I would like to congratulate Members of the Seanad for this timely debate on the Middle East peace process. In recent weeks the process has reached a most serious impasse. The Government, together with our partners in the European Union, is most concerned at this development. This debate is, accordingly, very opportune.
Before exploring the current situation, however, I would first like to set this debate in its historic context. As Senators may recall, the Middle East peace process saw the light of day in November 1991 at Madrid when a multilateral conference, co-chaired by the US and the then USSR, was opened. The purpose of this conference was to inaugurate two separate yet parallel negotiating tracks — a bilateral one aimed at resolving problems between Israel and each of its immediate neighbours and a multilateral one designed to address regional problems on subjects such as arms control and economic development.
In October 1994 the bilateral track saw a major success with an agreement between Israel and Jordan. However, the multilateral track discussions have produced no real result to date.
Shortly after the Madrid Conference got under way secret talks were initiated, under the auspices of the Government of Norway, between the Israelis and the Palestinians. These resulted in what has become known as the Oslo Agreement of September 1993. This agreement was truly historic. In signing it, Israel and the Palestinian Liberation Organisation had moved beyond their previous positions. Israel recognised the PLO and accepted the principle of "Land for Peace".
For its part, the PLO recognised Israel, renounced terrorism and reaffirmed that those articles of the PLO charter which deny Israelis the right to exist were inoperative and no longer valid. The Oslo accord, therefore, contained the essential ingredients for a just and durable settlement of the Arab-Israeli conflict.
We, in Ireland, and the international community generally were greatly heartened and fully supported what was seen as a major step forward. The Oslo Agreement and the secondary agreements, which came later, contained provisions which envisaged a series of Israeli redeployments from the Occupied Territories — the West Bank and Gaza — overrun by Israeli forces during the 1967 war.
These redeployments were to take place simultaneously with the growth of local Palestinian self-government in the evacuated territories. It was intended that once these redeployments were completed — and the Palestinians were hoping that by then they would have upwards of 80 per cent of the Occupied Territories under their jurisdiction — what are known as the Final Status Talks would begin to address the remaining highly contentious outstanding issues, such as water, refugees and above all the status of Jerusalem. The entire process was to be concluded by May 1999.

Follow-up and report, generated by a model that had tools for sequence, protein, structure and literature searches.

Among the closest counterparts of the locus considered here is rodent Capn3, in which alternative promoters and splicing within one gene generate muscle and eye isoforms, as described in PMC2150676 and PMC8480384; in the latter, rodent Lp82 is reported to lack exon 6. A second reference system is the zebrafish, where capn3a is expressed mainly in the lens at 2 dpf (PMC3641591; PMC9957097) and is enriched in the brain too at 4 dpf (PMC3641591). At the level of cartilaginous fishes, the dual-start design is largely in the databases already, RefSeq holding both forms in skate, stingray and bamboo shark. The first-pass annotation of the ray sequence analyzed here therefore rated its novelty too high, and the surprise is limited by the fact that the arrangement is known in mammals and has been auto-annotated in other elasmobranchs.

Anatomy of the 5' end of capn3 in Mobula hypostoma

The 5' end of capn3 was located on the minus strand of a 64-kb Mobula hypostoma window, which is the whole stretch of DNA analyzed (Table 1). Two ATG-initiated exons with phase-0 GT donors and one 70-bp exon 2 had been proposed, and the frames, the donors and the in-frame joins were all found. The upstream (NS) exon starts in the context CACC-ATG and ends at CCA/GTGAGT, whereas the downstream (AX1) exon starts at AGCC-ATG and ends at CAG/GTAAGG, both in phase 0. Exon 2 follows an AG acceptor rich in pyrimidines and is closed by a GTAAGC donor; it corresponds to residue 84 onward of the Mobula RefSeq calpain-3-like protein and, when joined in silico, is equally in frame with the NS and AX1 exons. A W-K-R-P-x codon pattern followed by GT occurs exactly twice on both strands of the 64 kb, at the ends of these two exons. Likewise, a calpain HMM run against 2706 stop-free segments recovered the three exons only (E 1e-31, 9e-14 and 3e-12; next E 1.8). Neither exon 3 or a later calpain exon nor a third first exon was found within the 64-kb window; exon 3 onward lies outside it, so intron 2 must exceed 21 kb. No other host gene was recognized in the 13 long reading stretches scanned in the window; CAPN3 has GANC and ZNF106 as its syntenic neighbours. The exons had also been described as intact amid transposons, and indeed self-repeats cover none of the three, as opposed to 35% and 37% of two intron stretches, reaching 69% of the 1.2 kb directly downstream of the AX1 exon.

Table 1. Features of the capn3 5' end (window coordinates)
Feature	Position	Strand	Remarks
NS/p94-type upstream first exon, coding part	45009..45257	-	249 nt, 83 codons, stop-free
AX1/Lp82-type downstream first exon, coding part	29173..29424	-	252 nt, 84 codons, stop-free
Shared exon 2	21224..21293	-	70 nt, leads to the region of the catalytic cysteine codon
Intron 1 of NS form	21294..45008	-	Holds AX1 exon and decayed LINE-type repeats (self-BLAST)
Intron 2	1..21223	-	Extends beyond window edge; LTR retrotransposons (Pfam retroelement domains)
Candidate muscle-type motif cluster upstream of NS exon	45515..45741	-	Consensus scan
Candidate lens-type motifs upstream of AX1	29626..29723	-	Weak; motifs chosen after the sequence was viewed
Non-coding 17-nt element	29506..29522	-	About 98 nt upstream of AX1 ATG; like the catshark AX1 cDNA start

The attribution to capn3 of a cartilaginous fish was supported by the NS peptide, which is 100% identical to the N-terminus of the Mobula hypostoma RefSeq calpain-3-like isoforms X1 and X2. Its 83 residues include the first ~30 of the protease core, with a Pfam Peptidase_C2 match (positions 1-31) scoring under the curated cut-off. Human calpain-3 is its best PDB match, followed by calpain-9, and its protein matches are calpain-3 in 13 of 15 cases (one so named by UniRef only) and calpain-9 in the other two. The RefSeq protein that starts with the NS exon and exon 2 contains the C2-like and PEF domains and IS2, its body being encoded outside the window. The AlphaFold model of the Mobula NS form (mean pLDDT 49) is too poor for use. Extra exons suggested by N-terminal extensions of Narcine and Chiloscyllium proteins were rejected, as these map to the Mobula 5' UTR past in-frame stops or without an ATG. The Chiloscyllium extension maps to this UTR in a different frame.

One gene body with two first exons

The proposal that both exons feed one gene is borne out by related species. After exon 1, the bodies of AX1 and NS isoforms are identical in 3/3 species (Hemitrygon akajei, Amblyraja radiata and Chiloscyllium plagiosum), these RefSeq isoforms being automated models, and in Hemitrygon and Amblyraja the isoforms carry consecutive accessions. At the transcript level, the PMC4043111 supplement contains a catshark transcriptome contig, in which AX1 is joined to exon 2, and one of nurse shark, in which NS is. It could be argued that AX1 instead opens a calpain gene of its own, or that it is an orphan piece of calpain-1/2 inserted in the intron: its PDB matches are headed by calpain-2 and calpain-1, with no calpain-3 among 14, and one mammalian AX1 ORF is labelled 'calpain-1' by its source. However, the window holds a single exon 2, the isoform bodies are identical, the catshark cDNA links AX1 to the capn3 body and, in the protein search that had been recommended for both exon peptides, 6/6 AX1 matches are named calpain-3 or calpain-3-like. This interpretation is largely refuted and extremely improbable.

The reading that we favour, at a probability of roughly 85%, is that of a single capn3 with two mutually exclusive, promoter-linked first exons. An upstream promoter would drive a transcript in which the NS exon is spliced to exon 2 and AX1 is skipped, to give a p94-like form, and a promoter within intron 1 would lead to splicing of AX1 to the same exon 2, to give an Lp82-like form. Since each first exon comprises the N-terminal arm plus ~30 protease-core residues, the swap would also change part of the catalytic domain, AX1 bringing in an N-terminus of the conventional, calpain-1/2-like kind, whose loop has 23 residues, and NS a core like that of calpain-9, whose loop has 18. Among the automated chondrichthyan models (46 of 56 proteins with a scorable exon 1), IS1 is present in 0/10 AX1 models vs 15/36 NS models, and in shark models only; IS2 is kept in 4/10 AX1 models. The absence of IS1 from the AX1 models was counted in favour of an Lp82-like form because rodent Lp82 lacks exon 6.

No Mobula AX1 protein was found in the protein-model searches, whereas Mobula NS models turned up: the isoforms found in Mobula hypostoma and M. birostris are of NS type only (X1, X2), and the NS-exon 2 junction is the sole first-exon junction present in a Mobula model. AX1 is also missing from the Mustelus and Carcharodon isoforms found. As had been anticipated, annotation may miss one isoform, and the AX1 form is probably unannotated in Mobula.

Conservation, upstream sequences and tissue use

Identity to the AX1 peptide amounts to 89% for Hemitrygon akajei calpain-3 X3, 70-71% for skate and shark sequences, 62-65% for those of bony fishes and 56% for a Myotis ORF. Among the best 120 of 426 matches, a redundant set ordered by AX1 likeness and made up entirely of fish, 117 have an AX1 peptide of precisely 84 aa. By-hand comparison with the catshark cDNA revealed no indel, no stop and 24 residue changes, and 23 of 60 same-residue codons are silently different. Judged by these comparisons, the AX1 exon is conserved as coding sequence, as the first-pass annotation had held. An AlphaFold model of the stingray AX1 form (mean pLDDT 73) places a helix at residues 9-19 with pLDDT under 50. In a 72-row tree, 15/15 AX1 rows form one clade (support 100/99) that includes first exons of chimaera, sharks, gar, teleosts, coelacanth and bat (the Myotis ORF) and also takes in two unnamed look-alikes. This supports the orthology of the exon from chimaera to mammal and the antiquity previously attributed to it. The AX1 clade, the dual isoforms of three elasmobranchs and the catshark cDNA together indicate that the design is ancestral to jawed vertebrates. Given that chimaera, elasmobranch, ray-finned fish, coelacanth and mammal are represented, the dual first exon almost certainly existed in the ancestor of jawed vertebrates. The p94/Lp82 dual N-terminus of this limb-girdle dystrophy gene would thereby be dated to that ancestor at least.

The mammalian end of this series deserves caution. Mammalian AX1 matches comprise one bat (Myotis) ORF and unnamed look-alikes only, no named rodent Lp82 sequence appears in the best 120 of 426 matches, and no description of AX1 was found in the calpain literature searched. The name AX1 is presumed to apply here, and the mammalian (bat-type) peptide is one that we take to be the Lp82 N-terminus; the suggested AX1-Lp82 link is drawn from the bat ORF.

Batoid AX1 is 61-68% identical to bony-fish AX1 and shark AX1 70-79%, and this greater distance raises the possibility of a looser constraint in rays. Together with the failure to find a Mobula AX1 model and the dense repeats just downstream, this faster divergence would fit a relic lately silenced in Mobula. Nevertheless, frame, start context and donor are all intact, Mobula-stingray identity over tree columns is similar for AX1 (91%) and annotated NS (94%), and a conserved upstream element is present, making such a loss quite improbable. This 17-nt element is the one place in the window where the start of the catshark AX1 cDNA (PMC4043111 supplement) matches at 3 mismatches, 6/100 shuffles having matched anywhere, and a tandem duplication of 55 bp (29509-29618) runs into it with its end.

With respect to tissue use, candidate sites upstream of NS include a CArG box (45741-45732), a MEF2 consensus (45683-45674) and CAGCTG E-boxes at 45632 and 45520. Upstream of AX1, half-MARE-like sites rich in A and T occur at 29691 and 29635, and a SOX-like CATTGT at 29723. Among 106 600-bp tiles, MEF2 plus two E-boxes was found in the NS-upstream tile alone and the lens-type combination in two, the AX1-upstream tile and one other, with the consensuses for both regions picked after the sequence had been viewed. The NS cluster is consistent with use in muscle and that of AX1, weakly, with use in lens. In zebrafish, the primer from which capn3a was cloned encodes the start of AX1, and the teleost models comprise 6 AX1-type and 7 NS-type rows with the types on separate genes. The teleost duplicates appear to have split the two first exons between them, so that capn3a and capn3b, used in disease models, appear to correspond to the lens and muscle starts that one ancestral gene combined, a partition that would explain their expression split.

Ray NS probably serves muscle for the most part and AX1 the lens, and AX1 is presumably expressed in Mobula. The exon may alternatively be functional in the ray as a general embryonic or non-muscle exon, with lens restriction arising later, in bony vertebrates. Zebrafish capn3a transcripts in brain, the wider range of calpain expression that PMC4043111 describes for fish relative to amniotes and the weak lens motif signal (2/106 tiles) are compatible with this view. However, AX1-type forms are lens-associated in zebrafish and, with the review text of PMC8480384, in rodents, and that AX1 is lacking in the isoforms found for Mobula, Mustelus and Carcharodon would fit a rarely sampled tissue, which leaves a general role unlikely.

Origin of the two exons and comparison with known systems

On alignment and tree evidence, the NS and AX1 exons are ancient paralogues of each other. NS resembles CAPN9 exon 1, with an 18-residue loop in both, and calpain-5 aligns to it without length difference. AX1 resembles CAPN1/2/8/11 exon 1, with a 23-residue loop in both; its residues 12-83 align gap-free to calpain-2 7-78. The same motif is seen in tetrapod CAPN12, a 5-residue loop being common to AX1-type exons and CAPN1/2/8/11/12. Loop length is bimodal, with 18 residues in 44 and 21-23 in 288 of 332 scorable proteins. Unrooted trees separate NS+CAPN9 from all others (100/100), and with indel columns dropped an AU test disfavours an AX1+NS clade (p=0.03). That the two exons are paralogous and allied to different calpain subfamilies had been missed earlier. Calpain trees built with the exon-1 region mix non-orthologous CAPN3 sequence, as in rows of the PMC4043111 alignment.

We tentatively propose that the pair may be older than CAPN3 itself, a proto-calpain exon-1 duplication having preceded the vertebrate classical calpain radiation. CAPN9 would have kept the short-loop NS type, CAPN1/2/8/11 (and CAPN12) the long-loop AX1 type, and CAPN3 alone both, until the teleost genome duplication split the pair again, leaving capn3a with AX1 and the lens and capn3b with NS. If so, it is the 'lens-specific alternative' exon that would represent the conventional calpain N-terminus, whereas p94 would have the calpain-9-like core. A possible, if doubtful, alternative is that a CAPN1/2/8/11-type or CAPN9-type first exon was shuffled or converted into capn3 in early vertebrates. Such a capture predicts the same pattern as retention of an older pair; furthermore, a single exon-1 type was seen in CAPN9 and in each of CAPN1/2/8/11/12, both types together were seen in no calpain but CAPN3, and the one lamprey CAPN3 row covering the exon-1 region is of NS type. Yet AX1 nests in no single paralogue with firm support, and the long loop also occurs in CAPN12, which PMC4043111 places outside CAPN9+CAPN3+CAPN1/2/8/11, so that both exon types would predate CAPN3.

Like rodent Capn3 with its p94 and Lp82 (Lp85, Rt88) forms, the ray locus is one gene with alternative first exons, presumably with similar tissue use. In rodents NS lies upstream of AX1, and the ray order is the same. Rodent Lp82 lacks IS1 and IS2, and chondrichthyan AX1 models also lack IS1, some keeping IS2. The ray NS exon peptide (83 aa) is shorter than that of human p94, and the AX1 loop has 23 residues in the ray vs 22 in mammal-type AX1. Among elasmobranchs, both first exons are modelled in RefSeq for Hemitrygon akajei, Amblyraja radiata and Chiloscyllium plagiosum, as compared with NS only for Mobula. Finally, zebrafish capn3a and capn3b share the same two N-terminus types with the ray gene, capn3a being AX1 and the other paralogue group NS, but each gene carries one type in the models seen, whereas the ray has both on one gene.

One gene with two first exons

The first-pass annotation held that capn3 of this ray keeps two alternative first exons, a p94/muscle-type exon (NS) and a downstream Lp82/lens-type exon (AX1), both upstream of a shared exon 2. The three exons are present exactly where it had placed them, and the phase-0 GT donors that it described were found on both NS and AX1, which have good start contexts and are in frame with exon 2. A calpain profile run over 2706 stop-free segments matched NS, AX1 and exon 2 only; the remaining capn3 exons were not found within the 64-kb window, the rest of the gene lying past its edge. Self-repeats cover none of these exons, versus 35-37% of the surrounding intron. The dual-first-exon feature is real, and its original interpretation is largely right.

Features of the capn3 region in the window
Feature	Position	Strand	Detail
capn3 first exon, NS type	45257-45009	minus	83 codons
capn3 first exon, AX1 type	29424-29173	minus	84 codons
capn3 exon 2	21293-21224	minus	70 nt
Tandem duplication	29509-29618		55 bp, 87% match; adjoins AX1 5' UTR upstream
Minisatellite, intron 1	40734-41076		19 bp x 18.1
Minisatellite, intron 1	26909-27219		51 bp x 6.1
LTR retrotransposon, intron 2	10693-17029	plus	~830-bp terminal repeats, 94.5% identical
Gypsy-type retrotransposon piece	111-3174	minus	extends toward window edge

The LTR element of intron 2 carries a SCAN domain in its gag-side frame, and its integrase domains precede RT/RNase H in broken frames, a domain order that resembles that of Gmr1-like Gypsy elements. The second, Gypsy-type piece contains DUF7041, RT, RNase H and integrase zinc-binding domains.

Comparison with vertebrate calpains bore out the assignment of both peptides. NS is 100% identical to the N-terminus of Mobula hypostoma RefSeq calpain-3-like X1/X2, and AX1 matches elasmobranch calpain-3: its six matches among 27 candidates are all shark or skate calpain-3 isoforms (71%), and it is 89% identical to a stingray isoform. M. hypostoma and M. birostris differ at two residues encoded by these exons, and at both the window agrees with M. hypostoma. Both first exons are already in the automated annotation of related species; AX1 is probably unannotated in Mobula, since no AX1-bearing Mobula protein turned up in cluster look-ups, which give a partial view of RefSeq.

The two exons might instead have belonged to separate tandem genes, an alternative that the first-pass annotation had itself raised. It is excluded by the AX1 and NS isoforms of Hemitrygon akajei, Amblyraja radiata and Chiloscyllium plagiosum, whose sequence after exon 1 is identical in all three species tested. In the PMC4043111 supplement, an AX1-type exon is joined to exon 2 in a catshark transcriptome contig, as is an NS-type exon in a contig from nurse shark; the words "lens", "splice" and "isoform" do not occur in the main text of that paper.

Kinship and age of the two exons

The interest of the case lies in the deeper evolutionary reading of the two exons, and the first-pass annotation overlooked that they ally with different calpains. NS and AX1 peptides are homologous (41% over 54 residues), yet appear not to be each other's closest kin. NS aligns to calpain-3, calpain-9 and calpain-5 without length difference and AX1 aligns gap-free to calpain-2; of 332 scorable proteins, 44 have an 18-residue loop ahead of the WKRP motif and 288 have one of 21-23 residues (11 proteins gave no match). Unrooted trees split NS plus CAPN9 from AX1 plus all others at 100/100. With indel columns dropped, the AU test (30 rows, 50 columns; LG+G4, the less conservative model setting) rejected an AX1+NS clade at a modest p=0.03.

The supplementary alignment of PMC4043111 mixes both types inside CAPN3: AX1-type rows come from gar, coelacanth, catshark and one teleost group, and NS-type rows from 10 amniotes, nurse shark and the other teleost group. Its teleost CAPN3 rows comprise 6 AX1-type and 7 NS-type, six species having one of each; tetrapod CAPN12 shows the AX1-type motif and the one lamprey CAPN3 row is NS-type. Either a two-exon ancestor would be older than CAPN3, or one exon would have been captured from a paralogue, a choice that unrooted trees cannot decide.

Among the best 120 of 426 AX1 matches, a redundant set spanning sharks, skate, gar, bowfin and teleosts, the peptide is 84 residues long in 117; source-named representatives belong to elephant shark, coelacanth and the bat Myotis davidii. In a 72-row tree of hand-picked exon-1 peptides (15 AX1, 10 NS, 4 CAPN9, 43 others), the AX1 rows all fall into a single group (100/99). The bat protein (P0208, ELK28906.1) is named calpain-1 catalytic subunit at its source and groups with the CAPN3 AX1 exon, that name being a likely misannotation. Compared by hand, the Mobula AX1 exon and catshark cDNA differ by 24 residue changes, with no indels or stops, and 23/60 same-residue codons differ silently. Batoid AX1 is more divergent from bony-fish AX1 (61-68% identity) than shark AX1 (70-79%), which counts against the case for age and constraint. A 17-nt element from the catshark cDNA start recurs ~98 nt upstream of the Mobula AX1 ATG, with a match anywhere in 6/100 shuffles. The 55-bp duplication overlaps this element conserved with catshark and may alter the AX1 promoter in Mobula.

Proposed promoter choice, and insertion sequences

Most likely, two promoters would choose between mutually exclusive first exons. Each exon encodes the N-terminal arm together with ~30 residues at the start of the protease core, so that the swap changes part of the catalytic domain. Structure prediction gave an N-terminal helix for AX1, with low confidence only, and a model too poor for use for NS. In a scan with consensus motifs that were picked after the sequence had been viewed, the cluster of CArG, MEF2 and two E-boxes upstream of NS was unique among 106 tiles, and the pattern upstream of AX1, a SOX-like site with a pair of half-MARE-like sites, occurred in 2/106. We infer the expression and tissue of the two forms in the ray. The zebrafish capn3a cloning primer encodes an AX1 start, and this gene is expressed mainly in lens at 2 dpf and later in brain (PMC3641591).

Given the history of the Middle East since 1948 and the extremely strong and deeply rooted emotions on both sides, it was not surprising that the Oslo Agreement faced many obstacles in its implementation. Nonetheless, progress was being made. These obstacles were gradually being surmounted when, in November 1995, there took place the tragic murder of the Israeli Prime Minister, Mr. Rabin, one of the co-signatories of the Oslo Agreement.
This was followed a few weeks later by a series of appalling suicide bombings in Israel with very heavy loss of civilian lives. These events contributed to the election in May 1996 of a new government in Israel led by the more right wing Likud Party of Mr. Nethanyahu. Prime Minister Nethanyahu, who was elected on a strong security platform, took a very different approach to the agreements than his predecessors. Discussions with Syria about a possible Israeli-Syrian peace agreement were halted. A number of high profile unilateral Israeli actions, such as the building of new Israeli settlements at Har Homa and Abu Ghneim in East Jerusalem which were seen as particularly provocative by the Palestinian inhabitants of the occupied territories, were undertaken. What was perceived as the relentless efforts of the Israeli authorities to reduce the number of Palestinians living in Jerusalem continued unabated. The situation was further exacerbated by a number of suicide bombings undertaken by Hamas terrorists with serious loss of life. The result was that negotiations came to a very definite halt.
With the virtual collapse of dialogue between the two parties most affected, the US Administration has since last summer been making strenuous efforts, which Ireland and other European Union member states have fully supported, to restart the process. The basis of this approach has been to link progress in redeployment by Israel with progress by the Palestinians in tackling terrorism.
During a visit to the region last September, the US Secretary of State, Mrs. Albright, tried to persuade the Israeli authorities to freeze settlement expansion but her request was, by and large, ignored. Her visit did lead to talks between Israeli and Palestinian negotiators at Washington but these achieved very little.
In recent months the US has mounted a major diplomatic effort to persuade Israel to accept proposals which it put forward with the aim of breaking the deadlock. The US has concentrated its attempts on achieving agreement on the terms of a second redeployment. The key element of this was that Israel would redeploy from an additional 13 per cent of the land in the occupied territories; the Palestinian Authority is currently responsible for only 3 per cent of these territories. However, Mr. Nethanyahu is vehemently opposed to considering any redeployment exceeding 9 per cent of the territory in question. The Palestinians, for their part, originally sought a redeployment of 30 per cent but eventually and reluctantly accepted the US figure.